Sometimes when I'm banding I'll catch a species of bird I've never handled before and that can be both exciting and frustrating. Then there are the birds I catch that I have handled before but one individual is different enough to give me pause. I had that experience recently when I walked up to one of my nets and pulled out a bird that made me say "What the...."

Here's a close-up:
The neck band was something I had never seen. However, once I looked at the whole bird, it was actually more obvious than you might think. If you look at the whole bird it can only be one species.

Take a look:
The whole body view tells you this is obviously an American Redstart. At first glance the thought is what an odd looking female...but it's NOT a female. This is a second year male. It takes males 2 years to get their complete black plumage. Second year males can show all sorts of odd patterns of spots and blobs of black feathers that are not consistent. I've never seen a second year male that shows a neck band like streak of black feathers.

What a cool bird. This is an individual I would love to catch again and see how the next molt makes him look. Should be a normal male Redstart plumage.

Remember, just because something doesn't look exactly like the field guide picture doesn't mean it's a hybrid or a previously undiscovered species.

Wednesday, May 13, 2020

The Birds Have Finally Started Arriving

The weather forecast sounded good. The prediction on Birdcast looked great. Was it finally time for a great migration movement here in Minnesota? I got up and checked the radar at 5:30 this morning and it did not disappoint:
All those pretty colors represent thousands and thousands of birds streaming into Minnesota and getting ready to, hopefully, land in my backyard!

This was too good to pass up so I jumped in my van and headed to my banding site.  For once my expectations were met and I spent the next 9 hours banding a variety of birds, many of whom had just landed minutes before.

 There are still some sparrows moving through and some of them will stay to nest. This Field Sparrow is a common grassland resident here with a call that sounds a bit like a ping pong ball bouncing on a table.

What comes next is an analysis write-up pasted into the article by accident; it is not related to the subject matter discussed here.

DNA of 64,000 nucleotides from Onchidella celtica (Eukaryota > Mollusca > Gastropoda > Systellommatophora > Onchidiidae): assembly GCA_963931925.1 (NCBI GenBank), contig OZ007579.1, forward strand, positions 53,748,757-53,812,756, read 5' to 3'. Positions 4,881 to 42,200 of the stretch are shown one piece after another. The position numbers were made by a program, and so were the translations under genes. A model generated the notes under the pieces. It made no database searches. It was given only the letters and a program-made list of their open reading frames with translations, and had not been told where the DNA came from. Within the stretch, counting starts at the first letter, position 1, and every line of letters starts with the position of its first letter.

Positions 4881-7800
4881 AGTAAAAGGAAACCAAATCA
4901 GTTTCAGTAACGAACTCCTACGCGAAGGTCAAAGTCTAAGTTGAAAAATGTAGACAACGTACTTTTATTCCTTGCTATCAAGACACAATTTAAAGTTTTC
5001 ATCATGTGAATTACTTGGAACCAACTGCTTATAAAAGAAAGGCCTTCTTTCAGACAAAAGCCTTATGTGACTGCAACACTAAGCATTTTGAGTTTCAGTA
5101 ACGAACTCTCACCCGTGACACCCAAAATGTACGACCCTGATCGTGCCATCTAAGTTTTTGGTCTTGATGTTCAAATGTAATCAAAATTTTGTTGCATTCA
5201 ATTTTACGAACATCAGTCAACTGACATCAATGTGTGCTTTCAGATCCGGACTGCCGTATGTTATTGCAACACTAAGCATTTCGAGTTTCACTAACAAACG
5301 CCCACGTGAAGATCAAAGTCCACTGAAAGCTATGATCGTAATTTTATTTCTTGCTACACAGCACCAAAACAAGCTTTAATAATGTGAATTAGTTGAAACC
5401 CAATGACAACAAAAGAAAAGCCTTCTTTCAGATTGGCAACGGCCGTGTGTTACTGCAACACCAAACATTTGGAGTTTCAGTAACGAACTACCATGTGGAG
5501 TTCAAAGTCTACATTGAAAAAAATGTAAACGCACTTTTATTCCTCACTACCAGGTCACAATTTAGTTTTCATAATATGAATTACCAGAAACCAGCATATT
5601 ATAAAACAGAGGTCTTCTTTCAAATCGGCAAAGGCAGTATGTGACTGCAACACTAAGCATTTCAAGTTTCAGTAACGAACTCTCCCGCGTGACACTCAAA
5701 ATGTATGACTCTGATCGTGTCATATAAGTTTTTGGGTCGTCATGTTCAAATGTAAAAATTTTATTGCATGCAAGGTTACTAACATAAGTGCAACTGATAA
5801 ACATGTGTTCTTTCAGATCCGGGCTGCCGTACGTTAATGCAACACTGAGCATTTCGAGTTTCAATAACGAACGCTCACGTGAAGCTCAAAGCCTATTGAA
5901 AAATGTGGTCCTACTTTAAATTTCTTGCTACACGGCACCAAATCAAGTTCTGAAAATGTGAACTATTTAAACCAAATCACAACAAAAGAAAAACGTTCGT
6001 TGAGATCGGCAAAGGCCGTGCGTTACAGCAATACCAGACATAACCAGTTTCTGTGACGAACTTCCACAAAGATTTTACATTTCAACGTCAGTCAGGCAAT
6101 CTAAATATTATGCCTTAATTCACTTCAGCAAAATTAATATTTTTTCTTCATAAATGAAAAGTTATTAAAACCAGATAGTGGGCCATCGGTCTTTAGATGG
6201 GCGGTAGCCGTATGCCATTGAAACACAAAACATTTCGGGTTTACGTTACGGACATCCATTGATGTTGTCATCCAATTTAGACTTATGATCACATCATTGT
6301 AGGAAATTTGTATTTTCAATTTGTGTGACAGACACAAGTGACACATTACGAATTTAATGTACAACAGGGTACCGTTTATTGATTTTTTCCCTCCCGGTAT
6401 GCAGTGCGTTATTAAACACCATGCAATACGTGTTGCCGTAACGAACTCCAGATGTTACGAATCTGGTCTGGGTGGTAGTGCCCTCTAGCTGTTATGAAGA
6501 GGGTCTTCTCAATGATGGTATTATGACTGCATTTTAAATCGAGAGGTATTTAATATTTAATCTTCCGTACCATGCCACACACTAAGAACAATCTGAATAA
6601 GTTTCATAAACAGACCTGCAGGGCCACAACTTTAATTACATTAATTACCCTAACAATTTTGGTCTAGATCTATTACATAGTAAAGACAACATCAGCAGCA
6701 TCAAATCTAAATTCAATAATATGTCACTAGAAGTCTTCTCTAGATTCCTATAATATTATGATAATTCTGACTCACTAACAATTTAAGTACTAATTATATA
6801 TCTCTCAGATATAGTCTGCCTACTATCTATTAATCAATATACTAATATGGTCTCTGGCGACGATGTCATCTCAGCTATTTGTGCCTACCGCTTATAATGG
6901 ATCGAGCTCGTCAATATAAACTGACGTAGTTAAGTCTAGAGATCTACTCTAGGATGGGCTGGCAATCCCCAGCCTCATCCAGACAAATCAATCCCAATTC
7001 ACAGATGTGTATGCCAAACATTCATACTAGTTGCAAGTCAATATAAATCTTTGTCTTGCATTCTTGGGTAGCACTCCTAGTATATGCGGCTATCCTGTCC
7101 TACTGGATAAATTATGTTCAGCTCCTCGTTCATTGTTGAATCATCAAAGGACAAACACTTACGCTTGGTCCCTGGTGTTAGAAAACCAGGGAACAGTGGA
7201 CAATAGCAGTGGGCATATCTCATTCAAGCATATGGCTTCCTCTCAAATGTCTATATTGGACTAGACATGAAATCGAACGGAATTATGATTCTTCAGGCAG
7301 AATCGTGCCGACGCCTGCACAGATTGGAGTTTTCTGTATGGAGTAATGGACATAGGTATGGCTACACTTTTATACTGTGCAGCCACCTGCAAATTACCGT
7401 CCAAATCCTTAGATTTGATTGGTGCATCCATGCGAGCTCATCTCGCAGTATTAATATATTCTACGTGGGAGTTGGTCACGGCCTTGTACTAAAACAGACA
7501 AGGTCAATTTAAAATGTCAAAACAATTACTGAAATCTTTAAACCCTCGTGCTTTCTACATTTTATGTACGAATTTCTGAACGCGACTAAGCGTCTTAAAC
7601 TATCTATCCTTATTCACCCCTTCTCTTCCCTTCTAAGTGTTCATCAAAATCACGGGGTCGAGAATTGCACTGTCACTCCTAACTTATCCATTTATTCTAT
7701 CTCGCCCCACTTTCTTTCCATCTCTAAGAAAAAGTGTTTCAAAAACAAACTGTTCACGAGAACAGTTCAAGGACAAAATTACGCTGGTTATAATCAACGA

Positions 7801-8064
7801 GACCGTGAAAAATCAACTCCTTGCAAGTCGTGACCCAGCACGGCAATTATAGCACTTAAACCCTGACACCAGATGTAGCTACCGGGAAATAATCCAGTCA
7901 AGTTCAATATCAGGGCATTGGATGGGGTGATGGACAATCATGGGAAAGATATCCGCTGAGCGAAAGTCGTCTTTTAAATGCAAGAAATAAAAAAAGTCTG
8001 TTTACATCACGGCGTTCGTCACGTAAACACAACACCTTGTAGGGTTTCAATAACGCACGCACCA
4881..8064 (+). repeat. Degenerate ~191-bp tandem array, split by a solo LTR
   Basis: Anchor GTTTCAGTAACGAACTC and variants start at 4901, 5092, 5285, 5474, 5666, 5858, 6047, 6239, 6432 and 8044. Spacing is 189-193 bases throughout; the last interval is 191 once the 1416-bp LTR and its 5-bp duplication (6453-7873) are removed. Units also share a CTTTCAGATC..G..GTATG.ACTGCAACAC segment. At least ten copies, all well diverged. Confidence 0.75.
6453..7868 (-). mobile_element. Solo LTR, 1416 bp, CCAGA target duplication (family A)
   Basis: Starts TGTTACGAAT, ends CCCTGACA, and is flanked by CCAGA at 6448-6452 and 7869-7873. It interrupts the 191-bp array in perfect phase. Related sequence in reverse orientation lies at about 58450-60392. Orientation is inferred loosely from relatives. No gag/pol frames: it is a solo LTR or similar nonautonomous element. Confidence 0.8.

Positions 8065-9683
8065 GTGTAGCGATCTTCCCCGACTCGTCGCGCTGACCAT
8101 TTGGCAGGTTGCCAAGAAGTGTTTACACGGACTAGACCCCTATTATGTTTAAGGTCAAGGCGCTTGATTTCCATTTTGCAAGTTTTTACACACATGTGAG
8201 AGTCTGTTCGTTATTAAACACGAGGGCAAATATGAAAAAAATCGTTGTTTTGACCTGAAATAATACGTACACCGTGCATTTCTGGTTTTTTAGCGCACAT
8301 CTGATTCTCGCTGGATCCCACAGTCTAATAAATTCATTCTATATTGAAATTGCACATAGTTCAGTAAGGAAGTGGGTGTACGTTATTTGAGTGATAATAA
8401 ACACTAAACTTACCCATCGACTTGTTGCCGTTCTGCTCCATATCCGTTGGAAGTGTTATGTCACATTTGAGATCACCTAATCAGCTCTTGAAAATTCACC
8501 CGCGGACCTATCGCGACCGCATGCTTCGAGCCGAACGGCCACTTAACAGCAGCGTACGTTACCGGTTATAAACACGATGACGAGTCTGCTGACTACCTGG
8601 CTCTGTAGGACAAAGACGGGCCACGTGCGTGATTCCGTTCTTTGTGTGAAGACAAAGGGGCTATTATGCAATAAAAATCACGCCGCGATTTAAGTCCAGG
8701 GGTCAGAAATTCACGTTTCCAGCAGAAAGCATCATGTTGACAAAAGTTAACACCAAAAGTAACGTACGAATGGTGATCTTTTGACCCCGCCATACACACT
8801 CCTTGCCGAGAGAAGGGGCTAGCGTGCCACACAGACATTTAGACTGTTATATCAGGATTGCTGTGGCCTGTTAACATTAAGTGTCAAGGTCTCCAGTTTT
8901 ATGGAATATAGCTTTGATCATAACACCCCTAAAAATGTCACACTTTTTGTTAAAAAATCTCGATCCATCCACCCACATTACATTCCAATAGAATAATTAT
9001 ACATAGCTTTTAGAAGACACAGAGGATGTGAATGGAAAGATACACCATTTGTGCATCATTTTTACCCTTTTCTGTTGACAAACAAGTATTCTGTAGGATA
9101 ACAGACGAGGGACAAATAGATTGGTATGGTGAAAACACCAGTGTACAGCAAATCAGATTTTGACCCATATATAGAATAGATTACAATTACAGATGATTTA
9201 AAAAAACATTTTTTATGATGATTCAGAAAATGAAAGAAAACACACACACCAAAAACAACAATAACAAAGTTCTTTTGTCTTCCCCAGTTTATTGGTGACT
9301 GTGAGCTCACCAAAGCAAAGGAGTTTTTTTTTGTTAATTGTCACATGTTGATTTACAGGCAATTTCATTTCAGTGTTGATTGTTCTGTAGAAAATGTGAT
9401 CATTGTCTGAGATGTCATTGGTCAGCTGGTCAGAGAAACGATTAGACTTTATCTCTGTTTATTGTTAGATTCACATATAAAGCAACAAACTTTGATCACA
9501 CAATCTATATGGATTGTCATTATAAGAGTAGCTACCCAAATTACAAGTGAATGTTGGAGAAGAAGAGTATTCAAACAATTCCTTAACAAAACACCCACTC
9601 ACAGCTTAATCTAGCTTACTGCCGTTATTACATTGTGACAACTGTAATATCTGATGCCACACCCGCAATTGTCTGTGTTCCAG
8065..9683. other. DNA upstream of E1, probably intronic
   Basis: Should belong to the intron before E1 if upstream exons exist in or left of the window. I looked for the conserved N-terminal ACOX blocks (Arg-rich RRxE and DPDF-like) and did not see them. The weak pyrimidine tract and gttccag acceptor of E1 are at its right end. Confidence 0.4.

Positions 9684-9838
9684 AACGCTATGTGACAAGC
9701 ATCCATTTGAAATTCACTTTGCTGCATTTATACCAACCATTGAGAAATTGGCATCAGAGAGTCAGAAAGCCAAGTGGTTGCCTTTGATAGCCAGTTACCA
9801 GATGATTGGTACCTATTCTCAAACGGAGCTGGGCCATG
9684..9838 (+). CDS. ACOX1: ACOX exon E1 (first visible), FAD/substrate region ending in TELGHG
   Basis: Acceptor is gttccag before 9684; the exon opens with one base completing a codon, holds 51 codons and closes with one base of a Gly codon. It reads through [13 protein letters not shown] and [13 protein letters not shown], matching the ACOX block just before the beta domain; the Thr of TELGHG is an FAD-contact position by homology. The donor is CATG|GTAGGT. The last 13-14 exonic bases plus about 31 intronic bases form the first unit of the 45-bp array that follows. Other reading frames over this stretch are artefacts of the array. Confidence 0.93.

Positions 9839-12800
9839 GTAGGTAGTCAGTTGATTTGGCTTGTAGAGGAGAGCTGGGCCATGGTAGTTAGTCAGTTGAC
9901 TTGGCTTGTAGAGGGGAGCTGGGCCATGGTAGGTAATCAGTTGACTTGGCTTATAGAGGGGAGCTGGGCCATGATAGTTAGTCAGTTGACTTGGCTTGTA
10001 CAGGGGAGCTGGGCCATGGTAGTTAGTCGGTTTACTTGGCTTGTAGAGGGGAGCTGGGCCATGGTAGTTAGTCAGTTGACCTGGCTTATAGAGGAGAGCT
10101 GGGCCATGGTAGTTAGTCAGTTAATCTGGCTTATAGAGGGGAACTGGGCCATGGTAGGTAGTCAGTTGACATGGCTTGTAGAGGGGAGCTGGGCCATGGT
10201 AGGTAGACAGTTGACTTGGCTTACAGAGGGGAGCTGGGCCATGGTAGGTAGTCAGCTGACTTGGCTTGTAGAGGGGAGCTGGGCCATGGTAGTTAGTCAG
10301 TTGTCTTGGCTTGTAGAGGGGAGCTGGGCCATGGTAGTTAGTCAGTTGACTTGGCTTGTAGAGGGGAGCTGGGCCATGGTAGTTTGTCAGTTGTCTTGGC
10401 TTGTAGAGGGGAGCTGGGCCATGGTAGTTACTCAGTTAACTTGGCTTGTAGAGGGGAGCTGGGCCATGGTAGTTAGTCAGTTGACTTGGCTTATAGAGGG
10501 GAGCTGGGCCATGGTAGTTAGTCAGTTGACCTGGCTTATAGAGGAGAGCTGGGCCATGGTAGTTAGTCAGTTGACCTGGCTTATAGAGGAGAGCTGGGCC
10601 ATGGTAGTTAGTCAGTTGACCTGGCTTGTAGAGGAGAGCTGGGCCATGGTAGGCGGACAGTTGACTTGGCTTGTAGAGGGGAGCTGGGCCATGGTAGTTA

A species that is just moving through the area is the Lincoln's Sparrow. Identified by the finely streaked buffy chest.

A surprise for me is not this Ruby-crowned Kinglet but is how many I have seen and banded. I don't think I've ever had this many kinglets for so long.

 Of course, for lots of people spring migration is all about the warblers. Well today they made an appearance in good numbers. Above is a Nashville Warbler which is one of the earlier migrants.

 The first Wilson's Warbler of the spring was this male. Only one graced my nets today but there should be plenty more behind him.

The most numerous warbler of the day was the Palm Warbler. There were so many that when they passed by it was like decorations on a Christmas tree. Spots of yellow and bouncing tails all over the place.

 And finally this handsome bird. A Yellow Warbler who flits from branch to branch proclaiming "Sweet, sweet, I'm so sweet!" I re-trapped one individual exactly 2 years to the day from when I first banded it. Based on data I have for this bird it is at least 4 years old.

Below is a summary of the species and numbers of each that I banded today:

American Redstart              1
Nashville Warbler.              3
Ruby-crowned Kinglet       4
Wilson's Warbler                1
Palm Warbler                     8
Field Sparrow                    1
House Wren                       2
Yellow Warbler                 5
Common Yellowthroat      2
Black-capped Chickadee  2
Lincoln's Sparrow             4
White-throated Sparrow   6
Rose-breasted Grosbeak   1
Gray Catbird                     2
Bluejay                             1

Thursday, February 13, 2020

A Trip to Sax-Zim Bog

I decided to take a run up to the Sax-Zim Bog area of northern Minnesota last week to take advantage of good weather and to avoid the visitors arriving the following weekend for the annual Sax-Sim Bird Festival. There were some good birds around and I wanted to see them without having to fight the crowds.

I wasn't disappointed even though I didn't see all the species I had expected.

I was by myself when I ran into some cooperative Canada Jays foraging along one of the road sides. They didn't seem to be bothered by me as I tried to get close.